Monthly Archives

July 2017


Cherry Blossom Festival!

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They don’t do Easter over here in San Francisco, I’m not sure if that applies to everyone or just the family I am staying with, having said that I haven’t seen Easter eggs for sale in the shops or any mention of it, hardly anywhere, I was so glad, I don’t like it back home, all that money spent on chocolate, what a waste, it is all so over the top now.  I had read in the week about the Japantown Cherry Blossom Festival which was being held all weekend and really wanted to go today as it was the final parade which goes from City Hall to Sutter Street in the heart of Japantown.  The Festival was in its 50th year and even though it is hosted in San Francisco, it is for the whole of Northern California!!




The festival wasn’t starting till 1pm so Finbarr and the family took me on a trip over the Golden Gate Bridge to the Marin headlands which can be seen from San Francisco across the Bay, it is a large mountainous region which has Muir Woods and Mount Tamalpais as part of its landscape, this time we went to the old lighthouse which is at the end of a rocky outcrop on the headland and provides stunning views across the bay to San Francisco skyline.  We walked and took some pictures of the stunning views then made our way back to the city.  Finbarr showed me where he cycles every day after work, what a beautiful cycle that must be every day!




They dropped me off in Japantown about 12.45 so I took a walk around all the food stalls, and decided to try the spam masubi, I remembered Finbarr told me his son liked them so I got one for little Finbarr to take home.  It was raining, unfortunately; apparently it was the first time it has rained since the year 2000, typical, I must have brought it with me.  I ate my lunch which was lovely; it is like a big sushi roll of rice covered in vine leaves with spam in the middle! Yes Spam, apparently it’s big in San Francisco, they have different flavours too! I had a Japanese beer to wash it down with and waited for the parade.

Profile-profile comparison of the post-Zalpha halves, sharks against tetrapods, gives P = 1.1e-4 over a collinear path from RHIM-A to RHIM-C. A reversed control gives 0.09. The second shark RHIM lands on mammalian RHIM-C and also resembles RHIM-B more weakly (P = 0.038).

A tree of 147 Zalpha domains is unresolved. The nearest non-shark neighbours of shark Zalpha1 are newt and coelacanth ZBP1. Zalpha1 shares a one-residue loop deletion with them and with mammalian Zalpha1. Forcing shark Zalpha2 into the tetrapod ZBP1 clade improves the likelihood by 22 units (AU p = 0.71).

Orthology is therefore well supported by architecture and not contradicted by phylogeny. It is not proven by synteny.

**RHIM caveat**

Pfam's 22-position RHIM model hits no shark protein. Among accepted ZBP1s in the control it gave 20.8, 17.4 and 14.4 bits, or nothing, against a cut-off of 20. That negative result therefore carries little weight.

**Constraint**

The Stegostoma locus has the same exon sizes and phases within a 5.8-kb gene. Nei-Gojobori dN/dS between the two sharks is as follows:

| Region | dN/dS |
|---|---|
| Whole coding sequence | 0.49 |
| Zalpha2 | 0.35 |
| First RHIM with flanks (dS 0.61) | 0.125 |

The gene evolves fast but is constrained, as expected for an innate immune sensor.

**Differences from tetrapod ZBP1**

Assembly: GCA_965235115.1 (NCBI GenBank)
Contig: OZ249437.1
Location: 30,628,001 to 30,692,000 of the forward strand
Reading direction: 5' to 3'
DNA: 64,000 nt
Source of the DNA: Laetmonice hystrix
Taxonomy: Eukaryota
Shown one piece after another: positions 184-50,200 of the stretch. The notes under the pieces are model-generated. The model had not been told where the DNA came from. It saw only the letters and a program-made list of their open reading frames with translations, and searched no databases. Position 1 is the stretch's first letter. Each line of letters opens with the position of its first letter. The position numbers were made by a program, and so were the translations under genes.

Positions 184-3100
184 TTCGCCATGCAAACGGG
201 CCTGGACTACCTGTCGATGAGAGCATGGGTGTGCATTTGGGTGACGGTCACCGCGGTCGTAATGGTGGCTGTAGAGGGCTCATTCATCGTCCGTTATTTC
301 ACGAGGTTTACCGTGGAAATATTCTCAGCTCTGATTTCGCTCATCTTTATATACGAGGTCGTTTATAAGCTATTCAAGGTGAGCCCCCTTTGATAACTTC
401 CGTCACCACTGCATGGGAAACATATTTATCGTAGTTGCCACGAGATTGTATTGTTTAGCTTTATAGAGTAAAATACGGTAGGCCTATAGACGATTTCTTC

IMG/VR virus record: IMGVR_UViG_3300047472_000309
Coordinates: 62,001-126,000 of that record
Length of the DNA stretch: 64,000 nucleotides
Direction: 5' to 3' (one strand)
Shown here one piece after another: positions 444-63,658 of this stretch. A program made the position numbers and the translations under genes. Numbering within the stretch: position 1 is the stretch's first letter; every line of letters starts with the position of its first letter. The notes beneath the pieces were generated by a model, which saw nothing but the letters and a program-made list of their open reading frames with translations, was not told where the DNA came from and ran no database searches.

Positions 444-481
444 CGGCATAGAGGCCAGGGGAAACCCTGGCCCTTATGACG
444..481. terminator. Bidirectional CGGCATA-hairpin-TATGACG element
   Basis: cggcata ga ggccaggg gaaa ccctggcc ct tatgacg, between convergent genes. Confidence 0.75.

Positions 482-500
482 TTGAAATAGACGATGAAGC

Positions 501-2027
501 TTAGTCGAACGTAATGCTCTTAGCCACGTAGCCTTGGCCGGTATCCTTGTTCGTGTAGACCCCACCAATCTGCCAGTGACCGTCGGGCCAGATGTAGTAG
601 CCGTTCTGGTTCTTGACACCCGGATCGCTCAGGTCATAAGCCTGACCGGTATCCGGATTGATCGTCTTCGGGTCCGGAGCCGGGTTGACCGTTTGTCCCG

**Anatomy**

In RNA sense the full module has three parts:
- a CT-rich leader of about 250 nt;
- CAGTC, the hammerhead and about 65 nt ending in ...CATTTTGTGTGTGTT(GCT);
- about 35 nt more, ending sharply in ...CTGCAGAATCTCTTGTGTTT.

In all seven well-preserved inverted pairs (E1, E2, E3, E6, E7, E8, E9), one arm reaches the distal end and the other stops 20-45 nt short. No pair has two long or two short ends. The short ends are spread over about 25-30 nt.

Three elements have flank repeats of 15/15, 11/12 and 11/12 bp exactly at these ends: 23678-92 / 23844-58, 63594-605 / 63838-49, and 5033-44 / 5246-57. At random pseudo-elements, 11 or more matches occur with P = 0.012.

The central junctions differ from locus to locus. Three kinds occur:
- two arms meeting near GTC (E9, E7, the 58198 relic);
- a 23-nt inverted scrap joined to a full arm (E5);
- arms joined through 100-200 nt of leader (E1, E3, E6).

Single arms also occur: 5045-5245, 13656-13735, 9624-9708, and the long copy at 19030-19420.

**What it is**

I went to see some of the Japanese shops and visited the Bonsai Exhibit, as I have probably mentioned many times before, I love trees, in any shape or form, but the Bonsai are amazing, I spoke to the guys who grew them about how to care for them, it all sounds very interesting, maybe when I have a house again I might get one!




The rain was very heavy during the parade but it didn’t dampen the spirits of those performing, they just covered themselves with plastic coveralls and carried on.  There is a Cherry Blossom Queen; The Grand Marshall Konishiki Yasokichi (three time Sumo champion) is in attendance along with the chief of police, heads of Japantown, and other famous Japanese elite.  The highlight of the parade is the Taru Mikoshi which is a portable Shinto shrine believed to hold a god or deity; it is made of barrels of sake with a phoenix on the top.  Two men dressed in Sumo wrestling garb stand atop the Mikoshi and blow whistles while dancing on the top, holding on to coloured ropes to ensure safety.  There is an opportunity for you to apply to help to carry the Mikoshi; a Facebook page is set up every year for volunteers to help carry it through the town on the parade.  It was quite a sight; I was too late but wished I had been in time to volunteer to carry it with the thronging crowd!